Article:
When one learns Torah one develops an awareness of what is right and wrong. There is more to it, however. When one toils in Torah study, one develops a thinking process that is like Hashem’s “thinking process,” so to speak. Studying Torah in depth (primarily the study of Talmud)—a training that requires a tremendous utilization of one’s energies and faculties—crafts one’s mind to see the truth beyond the obvious, but rather even in the “gray matters.” But it goes even more than that. Our emotions also have their own way of thinking, and Torah straightens this kind of thinking: R’ Dessler says that Talmud is different from all other disciplines: all other disciplines are trying to teach the intellect, whereas the Talmud is trying to get to the heart. One can know something intellectually, but if his heart is not penetrated with that belief or knowledge nothing may come out of it. And yet, it goes even more than that: toiling in Torah leaves one with a mystical protection. Those who have experienced a real toiling in Torah study can affirm to the inexplicable feeling and power that one is left with in the aftermath. The Yirat Shamayim felt is palpable, and one feels infused with a certain spiritual energy that arms one from adverse influence. R’ Moshe Chaim Luzzatto writes: This is what the wise man [King Solomon] said, “And Torah is light” (Mishlei 6:23), literally light, and not just wisdom; not that it is called “light” as a kind of metaphor, but rather it is literally “light,” for this is its existence above (in the higher worlds), and when it enters the soul the light enters it just like the sun’s rays enter inside a house (Derech Etz Chaim). Toiling in Torah infuses one with this light that builds one’s spiritual composer to stand tall amongst the influences that attempt to bring him down.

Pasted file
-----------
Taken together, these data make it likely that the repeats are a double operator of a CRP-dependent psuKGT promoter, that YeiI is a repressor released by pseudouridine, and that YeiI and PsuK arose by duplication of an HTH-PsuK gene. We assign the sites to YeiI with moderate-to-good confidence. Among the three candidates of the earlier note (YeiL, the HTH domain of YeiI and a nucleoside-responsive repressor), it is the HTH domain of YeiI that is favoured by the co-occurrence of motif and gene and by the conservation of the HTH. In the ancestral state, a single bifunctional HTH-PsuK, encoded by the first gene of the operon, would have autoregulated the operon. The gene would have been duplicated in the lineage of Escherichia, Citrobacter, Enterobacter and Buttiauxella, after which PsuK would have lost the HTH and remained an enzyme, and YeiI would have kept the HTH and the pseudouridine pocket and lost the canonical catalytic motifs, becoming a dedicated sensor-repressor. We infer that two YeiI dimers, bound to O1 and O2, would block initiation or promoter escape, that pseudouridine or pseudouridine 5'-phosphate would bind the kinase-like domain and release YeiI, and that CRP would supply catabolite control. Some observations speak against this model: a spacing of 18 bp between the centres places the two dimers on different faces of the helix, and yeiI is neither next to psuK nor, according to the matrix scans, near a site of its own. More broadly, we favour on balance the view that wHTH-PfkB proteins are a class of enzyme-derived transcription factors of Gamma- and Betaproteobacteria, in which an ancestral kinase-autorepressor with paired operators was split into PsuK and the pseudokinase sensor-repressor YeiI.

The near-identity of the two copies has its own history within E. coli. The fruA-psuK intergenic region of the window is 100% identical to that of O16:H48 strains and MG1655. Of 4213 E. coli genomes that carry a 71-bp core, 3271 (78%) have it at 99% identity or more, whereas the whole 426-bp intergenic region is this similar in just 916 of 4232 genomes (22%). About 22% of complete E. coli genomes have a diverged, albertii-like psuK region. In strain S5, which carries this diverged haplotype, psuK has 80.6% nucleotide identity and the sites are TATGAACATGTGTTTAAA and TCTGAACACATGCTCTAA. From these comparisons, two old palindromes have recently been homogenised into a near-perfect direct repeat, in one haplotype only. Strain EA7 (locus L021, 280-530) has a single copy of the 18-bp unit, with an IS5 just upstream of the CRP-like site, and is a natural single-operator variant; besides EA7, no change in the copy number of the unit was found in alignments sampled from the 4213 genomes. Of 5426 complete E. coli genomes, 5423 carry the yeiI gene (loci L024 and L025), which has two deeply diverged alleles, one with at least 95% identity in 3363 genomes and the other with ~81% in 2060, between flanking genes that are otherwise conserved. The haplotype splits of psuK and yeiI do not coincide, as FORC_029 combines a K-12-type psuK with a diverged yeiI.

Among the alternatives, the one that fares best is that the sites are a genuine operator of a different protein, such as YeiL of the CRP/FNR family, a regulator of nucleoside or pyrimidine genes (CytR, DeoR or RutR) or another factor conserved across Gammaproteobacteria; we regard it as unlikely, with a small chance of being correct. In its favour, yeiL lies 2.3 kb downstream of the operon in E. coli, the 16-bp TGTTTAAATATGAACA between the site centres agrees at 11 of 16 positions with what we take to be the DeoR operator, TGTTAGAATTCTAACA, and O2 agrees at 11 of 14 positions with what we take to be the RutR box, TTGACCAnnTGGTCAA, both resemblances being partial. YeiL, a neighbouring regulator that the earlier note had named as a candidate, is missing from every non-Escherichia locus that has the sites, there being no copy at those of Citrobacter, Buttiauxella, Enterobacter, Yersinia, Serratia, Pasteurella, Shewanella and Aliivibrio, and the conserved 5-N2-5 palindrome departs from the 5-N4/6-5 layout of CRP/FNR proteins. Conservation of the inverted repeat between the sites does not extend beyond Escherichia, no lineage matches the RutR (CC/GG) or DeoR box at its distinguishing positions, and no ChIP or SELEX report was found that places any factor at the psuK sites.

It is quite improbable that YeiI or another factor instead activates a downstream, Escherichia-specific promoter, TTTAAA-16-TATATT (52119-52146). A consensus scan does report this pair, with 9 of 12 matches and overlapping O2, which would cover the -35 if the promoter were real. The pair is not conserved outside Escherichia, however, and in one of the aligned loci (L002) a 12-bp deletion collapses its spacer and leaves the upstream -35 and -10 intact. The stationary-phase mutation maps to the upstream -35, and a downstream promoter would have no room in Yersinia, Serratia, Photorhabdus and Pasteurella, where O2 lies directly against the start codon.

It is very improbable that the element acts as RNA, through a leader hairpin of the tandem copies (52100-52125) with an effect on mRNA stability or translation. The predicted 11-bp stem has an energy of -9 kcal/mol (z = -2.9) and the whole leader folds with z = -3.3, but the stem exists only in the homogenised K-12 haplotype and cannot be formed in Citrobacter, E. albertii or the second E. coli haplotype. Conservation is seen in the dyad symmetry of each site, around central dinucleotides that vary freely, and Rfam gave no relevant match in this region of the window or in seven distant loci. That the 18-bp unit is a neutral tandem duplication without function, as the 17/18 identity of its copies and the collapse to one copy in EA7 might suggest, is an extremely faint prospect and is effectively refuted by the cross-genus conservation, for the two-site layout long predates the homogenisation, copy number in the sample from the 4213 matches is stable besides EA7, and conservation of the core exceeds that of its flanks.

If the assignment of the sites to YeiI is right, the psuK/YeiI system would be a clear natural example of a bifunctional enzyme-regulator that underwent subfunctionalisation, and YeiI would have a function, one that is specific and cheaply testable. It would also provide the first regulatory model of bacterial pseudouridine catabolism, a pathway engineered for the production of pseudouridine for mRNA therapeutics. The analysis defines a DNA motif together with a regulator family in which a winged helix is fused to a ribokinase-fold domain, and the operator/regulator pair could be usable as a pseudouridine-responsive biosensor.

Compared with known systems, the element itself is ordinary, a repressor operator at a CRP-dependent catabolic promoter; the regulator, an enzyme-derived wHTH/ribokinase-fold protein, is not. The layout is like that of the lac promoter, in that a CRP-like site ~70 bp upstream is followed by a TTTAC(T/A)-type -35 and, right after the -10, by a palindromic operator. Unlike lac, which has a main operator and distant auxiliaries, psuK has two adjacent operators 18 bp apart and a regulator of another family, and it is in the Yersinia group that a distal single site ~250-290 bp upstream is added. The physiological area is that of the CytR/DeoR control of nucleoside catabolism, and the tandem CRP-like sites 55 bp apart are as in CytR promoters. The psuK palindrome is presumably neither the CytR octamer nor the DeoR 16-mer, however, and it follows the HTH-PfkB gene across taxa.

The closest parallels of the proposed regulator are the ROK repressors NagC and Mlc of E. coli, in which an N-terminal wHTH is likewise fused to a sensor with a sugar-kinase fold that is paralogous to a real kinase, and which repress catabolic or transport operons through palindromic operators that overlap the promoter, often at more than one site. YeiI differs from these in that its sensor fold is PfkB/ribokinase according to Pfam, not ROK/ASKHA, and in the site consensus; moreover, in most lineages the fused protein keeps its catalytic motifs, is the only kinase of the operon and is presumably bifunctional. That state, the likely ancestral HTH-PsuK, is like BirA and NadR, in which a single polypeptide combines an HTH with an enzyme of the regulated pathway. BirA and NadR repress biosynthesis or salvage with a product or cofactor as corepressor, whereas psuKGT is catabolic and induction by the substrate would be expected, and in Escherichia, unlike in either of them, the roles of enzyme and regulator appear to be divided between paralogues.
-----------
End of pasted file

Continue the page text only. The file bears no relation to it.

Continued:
What about women and those who for some reason can’t properly toil in Torah study? I saw from R’ Yossi Mizrachi the following: there is no indication that the verse [regarding toiling in Torah] is specifically talking to men, but it seemingly directs itself to women as well. Yet we know that women are not technically obligated to study Torah beyond what practically applies to them. So how can they be expected to fulfill the commandment of toiling in Torah if they are not required to study? Toiling in Torah means to have the outlook that Torah is the most important aspect of your life. This includes those who study as well as those who support and encourage the ones who study. Even if a woman is not studying herself, she toils in Torah by revolving her life around the Torah and helping those who do study Torah. This concept would apply as well to men who do not have time to study in great depth but financially support those who toil in Torah; they are deemed to have labored in Torah also.

Based on this, perhaps we can add a broader idea that one who develops a complete devotion to Torah, who is emotionally driven to connect with Torah and would be willing to sacrifice for the Torah, is in the category of one who is in a state of ameilut. Instilling this fervor—this concept of ameilut in Torah both in regard to actually toiling in Torah study, but also sacrificing for Torah and a Torah lifestyle—in ourselves and our loved ones is precisely what keeps us unique as a nation, spiritually strong, and safe from the influences that seek to abandon us from our Jewish identity and commitment to Hashem and Torah.

By Benjamin Benji


Binyamin Benji learns in Yeshivas Rabbeinu Yitzchak Elchanan. He holds an MSW and is the author of the weekly Torah Talk in the Sephardic Congregation of Paramus’ newsletter. He can be reached at [email protected].